Tuesday, June 11, 2019

Migration to TheNursingSite.com

Migration to TheNursingSite.com will be complete as of JULY 1,2019 and this site will be deleted. Please update your bookmarks to THENURSINGSITE.COM.


Thursday, October 25, 2018

We're Moving

We're Moving...
Please follow this blog on TheNursingSite.com 
I am combining the Blog and Website. Please click on the link above to join us. 

Monday, October 8, 2018

Seven Tips for Starting Nursing School with a Full-Time Job

By Deborah Swanson

If you’re contemplating working full-time during nursing school or you’re already struggling to balance these commitments, read on for seven tips to stay sane while going to nursing school and holding down a full-time job.

1. Find a flexible job.
Maybe you’re lucky enough to already have a flexible job: You can set your own hours to a certain extent, you have a retail or food service position, you often work remotely or you freelance exclusively and can schedule your work whenever you want. If this describes your situation, then great! That will make it easier to continue your work during nursing school. But if it doesn’t, you might need to look into making a change. Your work schedule will need to accommodate classes from the get-go — and eventually shifts for clinical work as well.

2. Search for healthcare positions.
If you’re contemplating a job change to make it easier to work full-time while going to nursing school, consider looking for positions in the healthcare field. There are plenty of other jobs available in healthcare, such as home health aides and medical assistants. These roles sometimes offer shift work or schedules that are otherwise flexible, and the relevant experience will help bolster your resume when it comes time to search for that first nursing job after graduation.

3. Talk to your supervisors and co-workers.
Once you get accepted into nursing school, you’ll need to broach it with your supervisor at work. If your school hours won’t interfere with your shift, this might be a simple heads-up so they know you’re going to school — but if you’ll need to change your schedule, prepare for a longer conversation, and have a proposal in mind beforehand.

4. Figure out your finances.
Sit down and take a hard look at your finances, with your partner if you have one. Tally up all your current expenses (rent, food, gas, etc.) as well as any specific costs for nursing school, like tuition, textbooks, scrubs, nursing shoes. See if there’s anything you can reasonably trim, and figure out the absolute minimum income you need to bring in to cover all your expenses. Even though money seems tight, it’s only for a couple years.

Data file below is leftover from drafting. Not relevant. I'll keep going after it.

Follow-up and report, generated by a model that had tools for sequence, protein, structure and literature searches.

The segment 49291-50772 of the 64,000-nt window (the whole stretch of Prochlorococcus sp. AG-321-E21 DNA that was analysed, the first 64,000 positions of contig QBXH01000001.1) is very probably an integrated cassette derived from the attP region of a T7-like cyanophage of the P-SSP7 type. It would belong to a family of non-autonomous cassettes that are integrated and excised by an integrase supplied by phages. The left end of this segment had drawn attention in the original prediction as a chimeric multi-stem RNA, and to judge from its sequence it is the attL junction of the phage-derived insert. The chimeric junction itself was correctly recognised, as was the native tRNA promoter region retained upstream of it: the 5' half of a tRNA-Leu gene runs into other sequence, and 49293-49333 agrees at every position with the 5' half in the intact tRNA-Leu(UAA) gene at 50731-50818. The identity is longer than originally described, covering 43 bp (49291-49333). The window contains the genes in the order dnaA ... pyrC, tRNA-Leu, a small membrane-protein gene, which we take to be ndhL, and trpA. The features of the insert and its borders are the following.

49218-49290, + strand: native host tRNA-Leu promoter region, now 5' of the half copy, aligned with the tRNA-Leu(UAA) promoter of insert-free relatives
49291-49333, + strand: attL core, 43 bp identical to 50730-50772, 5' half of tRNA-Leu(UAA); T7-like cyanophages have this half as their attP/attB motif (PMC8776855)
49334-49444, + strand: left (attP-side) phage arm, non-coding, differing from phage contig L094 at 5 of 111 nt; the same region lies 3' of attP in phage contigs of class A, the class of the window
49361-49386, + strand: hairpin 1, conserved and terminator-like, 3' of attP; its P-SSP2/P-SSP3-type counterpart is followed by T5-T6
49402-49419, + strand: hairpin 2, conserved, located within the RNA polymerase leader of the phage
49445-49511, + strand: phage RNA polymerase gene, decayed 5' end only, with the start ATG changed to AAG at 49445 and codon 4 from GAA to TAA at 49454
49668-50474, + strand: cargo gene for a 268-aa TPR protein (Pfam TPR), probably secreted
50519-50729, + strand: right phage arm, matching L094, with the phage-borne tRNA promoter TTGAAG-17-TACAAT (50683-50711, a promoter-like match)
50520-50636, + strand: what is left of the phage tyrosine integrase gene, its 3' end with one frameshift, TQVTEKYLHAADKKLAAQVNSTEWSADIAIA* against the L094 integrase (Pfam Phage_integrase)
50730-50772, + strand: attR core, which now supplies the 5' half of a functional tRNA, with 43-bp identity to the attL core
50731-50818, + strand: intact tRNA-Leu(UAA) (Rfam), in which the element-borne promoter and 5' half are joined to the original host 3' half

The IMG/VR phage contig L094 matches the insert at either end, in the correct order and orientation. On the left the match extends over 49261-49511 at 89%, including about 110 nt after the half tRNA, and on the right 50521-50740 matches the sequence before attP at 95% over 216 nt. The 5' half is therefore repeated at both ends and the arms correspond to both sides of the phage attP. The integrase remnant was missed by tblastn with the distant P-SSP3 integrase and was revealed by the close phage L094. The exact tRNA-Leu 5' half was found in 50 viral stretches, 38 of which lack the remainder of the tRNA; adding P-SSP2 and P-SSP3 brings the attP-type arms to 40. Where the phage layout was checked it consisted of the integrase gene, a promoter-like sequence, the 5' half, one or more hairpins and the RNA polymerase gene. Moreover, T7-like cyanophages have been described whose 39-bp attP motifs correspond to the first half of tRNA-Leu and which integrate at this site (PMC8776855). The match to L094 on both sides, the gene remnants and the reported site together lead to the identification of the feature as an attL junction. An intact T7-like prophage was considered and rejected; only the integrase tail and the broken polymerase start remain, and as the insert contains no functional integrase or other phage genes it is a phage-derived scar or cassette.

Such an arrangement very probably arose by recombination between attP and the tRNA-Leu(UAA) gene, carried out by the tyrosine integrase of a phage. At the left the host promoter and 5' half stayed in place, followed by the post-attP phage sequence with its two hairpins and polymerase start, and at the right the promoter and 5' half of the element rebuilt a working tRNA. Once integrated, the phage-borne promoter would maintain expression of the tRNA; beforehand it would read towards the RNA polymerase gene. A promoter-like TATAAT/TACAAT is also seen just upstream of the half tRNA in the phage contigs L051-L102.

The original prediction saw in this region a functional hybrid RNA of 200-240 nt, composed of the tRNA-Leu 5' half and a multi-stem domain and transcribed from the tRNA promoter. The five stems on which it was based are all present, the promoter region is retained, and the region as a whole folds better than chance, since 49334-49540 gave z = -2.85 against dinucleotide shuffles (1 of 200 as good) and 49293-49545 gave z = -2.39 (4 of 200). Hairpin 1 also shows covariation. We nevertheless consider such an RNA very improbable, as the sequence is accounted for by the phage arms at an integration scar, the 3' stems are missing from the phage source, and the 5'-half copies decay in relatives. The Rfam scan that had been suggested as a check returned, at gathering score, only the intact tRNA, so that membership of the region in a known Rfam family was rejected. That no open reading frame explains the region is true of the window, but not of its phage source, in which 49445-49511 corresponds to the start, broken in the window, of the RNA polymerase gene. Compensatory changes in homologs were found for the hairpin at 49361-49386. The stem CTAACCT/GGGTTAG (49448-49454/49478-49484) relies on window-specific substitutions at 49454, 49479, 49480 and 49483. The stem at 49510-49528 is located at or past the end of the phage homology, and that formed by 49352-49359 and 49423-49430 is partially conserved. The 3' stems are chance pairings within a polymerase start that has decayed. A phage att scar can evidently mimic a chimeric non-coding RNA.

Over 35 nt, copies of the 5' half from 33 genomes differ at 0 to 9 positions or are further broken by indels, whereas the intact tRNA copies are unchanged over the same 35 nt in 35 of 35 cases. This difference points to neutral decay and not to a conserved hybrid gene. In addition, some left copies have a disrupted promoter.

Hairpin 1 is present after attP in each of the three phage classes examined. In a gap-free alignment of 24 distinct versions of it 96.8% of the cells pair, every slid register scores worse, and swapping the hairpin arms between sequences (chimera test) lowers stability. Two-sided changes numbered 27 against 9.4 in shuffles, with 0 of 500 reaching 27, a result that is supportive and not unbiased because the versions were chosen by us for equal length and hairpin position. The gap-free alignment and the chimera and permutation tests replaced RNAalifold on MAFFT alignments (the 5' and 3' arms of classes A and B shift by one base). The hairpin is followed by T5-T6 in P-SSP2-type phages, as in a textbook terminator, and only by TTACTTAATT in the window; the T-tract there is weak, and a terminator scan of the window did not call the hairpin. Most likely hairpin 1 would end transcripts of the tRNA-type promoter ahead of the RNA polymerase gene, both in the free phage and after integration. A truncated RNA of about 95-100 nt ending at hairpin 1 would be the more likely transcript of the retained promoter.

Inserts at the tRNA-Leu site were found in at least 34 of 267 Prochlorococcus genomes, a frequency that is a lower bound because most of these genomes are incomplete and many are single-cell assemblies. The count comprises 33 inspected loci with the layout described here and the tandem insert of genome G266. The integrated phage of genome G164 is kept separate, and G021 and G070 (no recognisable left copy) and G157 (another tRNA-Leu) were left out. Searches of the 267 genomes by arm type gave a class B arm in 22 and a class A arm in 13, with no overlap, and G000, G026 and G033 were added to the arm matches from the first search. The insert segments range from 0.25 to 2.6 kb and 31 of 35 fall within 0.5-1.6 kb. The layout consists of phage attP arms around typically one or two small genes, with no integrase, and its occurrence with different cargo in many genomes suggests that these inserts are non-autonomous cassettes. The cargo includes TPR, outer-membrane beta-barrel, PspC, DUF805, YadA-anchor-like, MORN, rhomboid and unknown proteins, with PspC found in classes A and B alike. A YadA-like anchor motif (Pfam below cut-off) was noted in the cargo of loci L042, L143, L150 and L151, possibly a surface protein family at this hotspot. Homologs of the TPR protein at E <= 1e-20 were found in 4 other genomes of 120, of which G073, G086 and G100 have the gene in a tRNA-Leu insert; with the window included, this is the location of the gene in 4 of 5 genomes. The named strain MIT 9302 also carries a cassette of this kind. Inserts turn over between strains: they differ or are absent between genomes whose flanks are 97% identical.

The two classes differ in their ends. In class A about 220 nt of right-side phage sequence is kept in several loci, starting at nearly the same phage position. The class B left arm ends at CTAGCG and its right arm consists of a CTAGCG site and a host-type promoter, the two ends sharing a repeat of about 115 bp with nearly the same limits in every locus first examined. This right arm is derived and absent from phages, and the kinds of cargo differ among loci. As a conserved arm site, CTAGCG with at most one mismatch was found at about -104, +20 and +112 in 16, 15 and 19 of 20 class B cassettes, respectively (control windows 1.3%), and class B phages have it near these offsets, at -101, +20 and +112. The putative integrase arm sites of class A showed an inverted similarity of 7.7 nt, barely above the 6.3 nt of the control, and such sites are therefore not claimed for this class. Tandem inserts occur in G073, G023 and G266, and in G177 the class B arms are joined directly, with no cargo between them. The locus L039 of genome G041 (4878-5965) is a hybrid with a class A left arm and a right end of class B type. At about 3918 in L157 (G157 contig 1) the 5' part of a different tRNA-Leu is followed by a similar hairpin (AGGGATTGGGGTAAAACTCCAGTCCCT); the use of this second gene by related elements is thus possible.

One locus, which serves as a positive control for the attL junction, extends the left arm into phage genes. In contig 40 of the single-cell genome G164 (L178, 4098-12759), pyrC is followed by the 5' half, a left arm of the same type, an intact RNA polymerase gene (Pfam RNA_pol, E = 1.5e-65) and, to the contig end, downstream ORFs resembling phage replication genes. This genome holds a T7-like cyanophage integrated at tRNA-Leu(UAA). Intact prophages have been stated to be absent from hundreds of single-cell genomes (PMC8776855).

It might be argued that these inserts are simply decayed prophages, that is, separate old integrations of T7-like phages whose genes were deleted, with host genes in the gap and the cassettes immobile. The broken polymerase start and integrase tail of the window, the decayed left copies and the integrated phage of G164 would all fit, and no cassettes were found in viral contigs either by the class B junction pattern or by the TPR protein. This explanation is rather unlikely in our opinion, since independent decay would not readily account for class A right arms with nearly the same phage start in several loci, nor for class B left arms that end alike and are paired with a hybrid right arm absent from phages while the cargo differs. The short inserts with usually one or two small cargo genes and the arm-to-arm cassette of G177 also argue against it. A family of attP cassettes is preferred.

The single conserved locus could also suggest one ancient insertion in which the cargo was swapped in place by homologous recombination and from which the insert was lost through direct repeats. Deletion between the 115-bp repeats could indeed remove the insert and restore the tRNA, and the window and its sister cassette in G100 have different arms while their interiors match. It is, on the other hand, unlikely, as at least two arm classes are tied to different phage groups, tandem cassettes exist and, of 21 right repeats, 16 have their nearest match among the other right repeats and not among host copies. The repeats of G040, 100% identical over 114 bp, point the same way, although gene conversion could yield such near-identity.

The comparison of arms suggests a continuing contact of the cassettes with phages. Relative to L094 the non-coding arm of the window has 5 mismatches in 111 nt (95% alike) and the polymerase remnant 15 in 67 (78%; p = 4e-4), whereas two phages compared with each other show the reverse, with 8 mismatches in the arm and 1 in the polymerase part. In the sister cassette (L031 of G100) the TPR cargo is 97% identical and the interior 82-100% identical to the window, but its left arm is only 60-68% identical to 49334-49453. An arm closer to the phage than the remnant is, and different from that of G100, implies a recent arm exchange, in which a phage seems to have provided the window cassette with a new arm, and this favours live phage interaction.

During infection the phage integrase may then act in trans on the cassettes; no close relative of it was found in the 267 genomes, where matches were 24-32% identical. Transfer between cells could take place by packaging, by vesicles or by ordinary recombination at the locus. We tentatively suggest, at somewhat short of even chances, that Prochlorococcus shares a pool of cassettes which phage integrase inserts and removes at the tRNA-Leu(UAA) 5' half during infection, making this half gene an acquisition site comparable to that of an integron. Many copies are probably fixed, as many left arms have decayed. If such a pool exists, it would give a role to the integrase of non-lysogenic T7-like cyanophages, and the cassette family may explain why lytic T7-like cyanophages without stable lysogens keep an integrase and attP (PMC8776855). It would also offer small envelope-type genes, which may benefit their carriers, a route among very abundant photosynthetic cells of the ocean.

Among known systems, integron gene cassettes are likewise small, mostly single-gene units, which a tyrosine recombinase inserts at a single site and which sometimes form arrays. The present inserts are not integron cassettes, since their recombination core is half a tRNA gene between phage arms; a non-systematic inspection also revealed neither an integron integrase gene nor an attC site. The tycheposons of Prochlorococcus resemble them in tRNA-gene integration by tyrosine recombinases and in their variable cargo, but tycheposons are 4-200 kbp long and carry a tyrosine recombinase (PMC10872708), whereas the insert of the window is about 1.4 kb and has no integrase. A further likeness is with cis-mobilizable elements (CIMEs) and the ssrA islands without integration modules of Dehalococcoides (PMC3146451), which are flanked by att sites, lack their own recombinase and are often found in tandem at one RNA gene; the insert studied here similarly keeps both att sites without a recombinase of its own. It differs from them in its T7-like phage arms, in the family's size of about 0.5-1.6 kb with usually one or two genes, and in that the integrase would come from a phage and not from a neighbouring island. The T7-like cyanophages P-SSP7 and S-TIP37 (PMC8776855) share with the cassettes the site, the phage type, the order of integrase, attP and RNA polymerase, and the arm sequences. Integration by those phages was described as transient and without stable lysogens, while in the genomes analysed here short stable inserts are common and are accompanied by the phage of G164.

5. Schedule your life.
Balancing a full-time job with nursing school means you’ll need to get really good at planning ahead and maximizing your time. Break down your semesters into months, the months into weeks, the weeks into days and the days into hourly blocks. First, mark down major dates such as exams and breaks. Then put down your classes and work hours. From there, you can determine when you have time to study, cook and take care of other necessary activities.

6. Create a study group.
Speaking of scheduling study time, creating a study group can be a great way to keep yourself accountable. When you procrastinate on studying, you’re cancelling on yourself — but it’s a lot harder to cancel on other people. Being part of a group makes studying an actual event, and you’ll be more likely to show up if other people are involved.

7. Look for a low-stress environment.
While you won’t always have a choice, if you do find yourself in the position of deciding between multiple jobs it’s worth considering which one will cause you less stress. Working in a calm, slow-paced environment can give you a respite from the hustle and bustle of nursing school and hospitals and add some balance to your life.

Deborah Swanson is a Coordinator for the Real Caregivers Program at allheart.com. A site dedicated to celebrating medical professionals and their journeys. She keeps busy interviewing caregivers and writing about them, gardening and walking her dogs.

Thanks Debbie!

Sunday, September 30, 2018

NurseCEO Success Summit a Huge Hit!

Yesterday I had the honor of participating in the NurseCEO Success Summit in Los Angeles. The discussion centered around nurses building businesses beyond the bedside. The mission was "to educate, inspire, and empower nurses to be successful entrepreneurs, business owners, and business leaders." It was clearly fulfilled, and then some!

Several of the participants and attendees are not nurses, but their stories were most certainly relevant. The only negative was there was so much more to say and time ran out. Let's do it again soon!